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by Yong-Mi Kim

October 15, 2000

Our intrepid heroine braves the jungles of NYC, and emerges triumphant with some trophies and scars.

Part II - Sephora and H&M

The next morning, I saw in the mirror the aftereffects of my quest for T. LeClerc face powder. The hours of walking in the sun were about to turn my hair into Ginger Spice's, circa 1997! I watched in horror the red-highlighted strands in front already turning brassy. There was only one thing to do: an emergency trip to Sephora. More precisely, Sephora at Rockefeller Center, the three-story, 20,000 square foot global flagship store, conveniently located within walking distance of the hotel, and, as it turns out, right across the street from H&M's first U.S. store.

First, what's Sephora? Second, what's H&M?

Sephora is where makeup junkies who have been really, really good, go after they die. Sephora is also where really, really bad makeup junkies go to while alive. H&M is where you go shopping for clothes after maxing out your plastic at Sephora. H&M is the place to shop if are planning to go clubbing in Ibiza with a suitcase full of clothing which can be forgotten at the beach without undue trauma to one's finances (I am sure Ann Landers can deal with the other related traumas).

A. Sephora

Sephora started out in France in 1993. Given the stereotypes of snooty French salespersons, perhaps it makes sense that a self-service, high-end cosmetics store would originate there. The concept soon spread and currently it is the leading chain store in France, with 143 stores. It was acquired by luxury goods conglomerate LVMH in 1997, and arrived in the U.S. in mid-1998 with the opening of stores in New York City and Miami. One of the fabulous Miller sisters, Pia Miller Getty, was tapped to be "Creative Ambassador" for Sephora in the U.S., adding socialite cachet to the brand.

Sephora has expanded in the U.S. to the extent of now there being Sephora stores in most major shopping malls. Thus my initial exposure to Sephora was through my local mall, and while the store was interesting to visit, I did not consider it anything too special. The usually teenaged staff could not provide much help regarding the profusion of products on sale. For actual purchases, I continued to traipse over to Nordstrom and my favorite Prescriptives sales associate, who was always knowledgeable and helpful regarding various cosmetics lines.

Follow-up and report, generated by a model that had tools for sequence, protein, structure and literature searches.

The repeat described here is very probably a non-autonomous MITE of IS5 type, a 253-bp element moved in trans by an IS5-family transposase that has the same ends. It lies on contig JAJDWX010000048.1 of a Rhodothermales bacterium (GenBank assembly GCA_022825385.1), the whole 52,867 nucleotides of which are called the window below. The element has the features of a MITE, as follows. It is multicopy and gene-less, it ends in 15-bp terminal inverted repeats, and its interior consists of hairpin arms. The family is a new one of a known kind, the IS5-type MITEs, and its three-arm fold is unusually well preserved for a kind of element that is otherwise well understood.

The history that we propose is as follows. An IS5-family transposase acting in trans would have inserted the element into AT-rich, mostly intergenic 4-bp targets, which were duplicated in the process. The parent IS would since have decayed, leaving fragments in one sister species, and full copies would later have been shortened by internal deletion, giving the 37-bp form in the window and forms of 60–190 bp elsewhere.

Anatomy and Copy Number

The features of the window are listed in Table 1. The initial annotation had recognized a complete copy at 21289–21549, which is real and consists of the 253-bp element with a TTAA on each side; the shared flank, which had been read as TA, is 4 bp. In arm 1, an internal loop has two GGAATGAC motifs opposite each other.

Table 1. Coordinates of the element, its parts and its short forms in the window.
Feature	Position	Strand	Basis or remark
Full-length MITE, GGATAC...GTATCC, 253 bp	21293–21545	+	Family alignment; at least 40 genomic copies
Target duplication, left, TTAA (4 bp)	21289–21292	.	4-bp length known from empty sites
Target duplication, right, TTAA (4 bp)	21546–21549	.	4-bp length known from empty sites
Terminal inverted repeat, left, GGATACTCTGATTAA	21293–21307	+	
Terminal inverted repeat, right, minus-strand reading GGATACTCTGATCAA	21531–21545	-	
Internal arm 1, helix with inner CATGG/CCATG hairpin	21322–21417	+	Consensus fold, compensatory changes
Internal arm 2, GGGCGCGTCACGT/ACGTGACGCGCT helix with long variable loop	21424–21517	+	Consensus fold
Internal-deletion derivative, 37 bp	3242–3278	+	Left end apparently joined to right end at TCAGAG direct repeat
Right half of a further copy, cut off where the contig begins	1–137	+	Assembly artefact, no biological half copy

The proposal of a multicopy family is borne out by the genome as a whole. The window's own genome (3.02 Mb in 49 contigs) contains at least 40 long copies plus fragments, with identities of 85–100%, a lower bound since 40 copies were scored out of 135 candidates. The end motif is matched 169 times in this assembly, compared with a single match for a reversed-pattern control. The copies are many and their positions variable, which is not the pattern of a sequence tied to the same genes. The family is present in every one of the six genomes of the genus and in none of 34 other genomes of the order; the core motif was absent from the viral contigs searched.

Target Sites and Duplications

But what's a girl to do when she is in an unfamiliar city with no favorite sales associates in sight? Check out Sephora, of course.

When I walked into Sephora, I had a clear goal: to purchase sunscreen that would protect the fresh highlights and transparent red coloring in my hair done only a week ago. When I walked out, my bag contained:

  • Too Faced lipstick in Drop Dead Red
  • Too Faced lip liner in Drag Queen
  • BeneFit Lemon Aid
  • BeneFit Lip Plump
  • BeneFit Dr. Feelgood
  • Sephora Artist All Over Color #81
  • J. F. Lazartigue Protective Hair Cream SPF 10

Sadly, they were out of the Vincent Longo Lip Stain in Terra, a sheer red lipstick I craved desperately, which I would have otherwise purchased.

So why did I buy at this Sephora store, when I had not at my local one, nor even the Sephora in Times Square? Two words: customer service. The Rockefeller Center Sephora had attentive sales associates at hand to help me find the perfect pastel blue eyeshadow, or select several different red lipsticks and demonstrate their color differences. The displays were well-kept, with the testers in good condition. This was in marked contrast to the Sephora in Times Square, which was absolute chaos. One reason for the profusion of people was that a fair number were dropping in to get their faces done using the testers and leaving without purchasing anything. Of course this meant the displays and testers were a mess, with some of the items for sale already opened and used.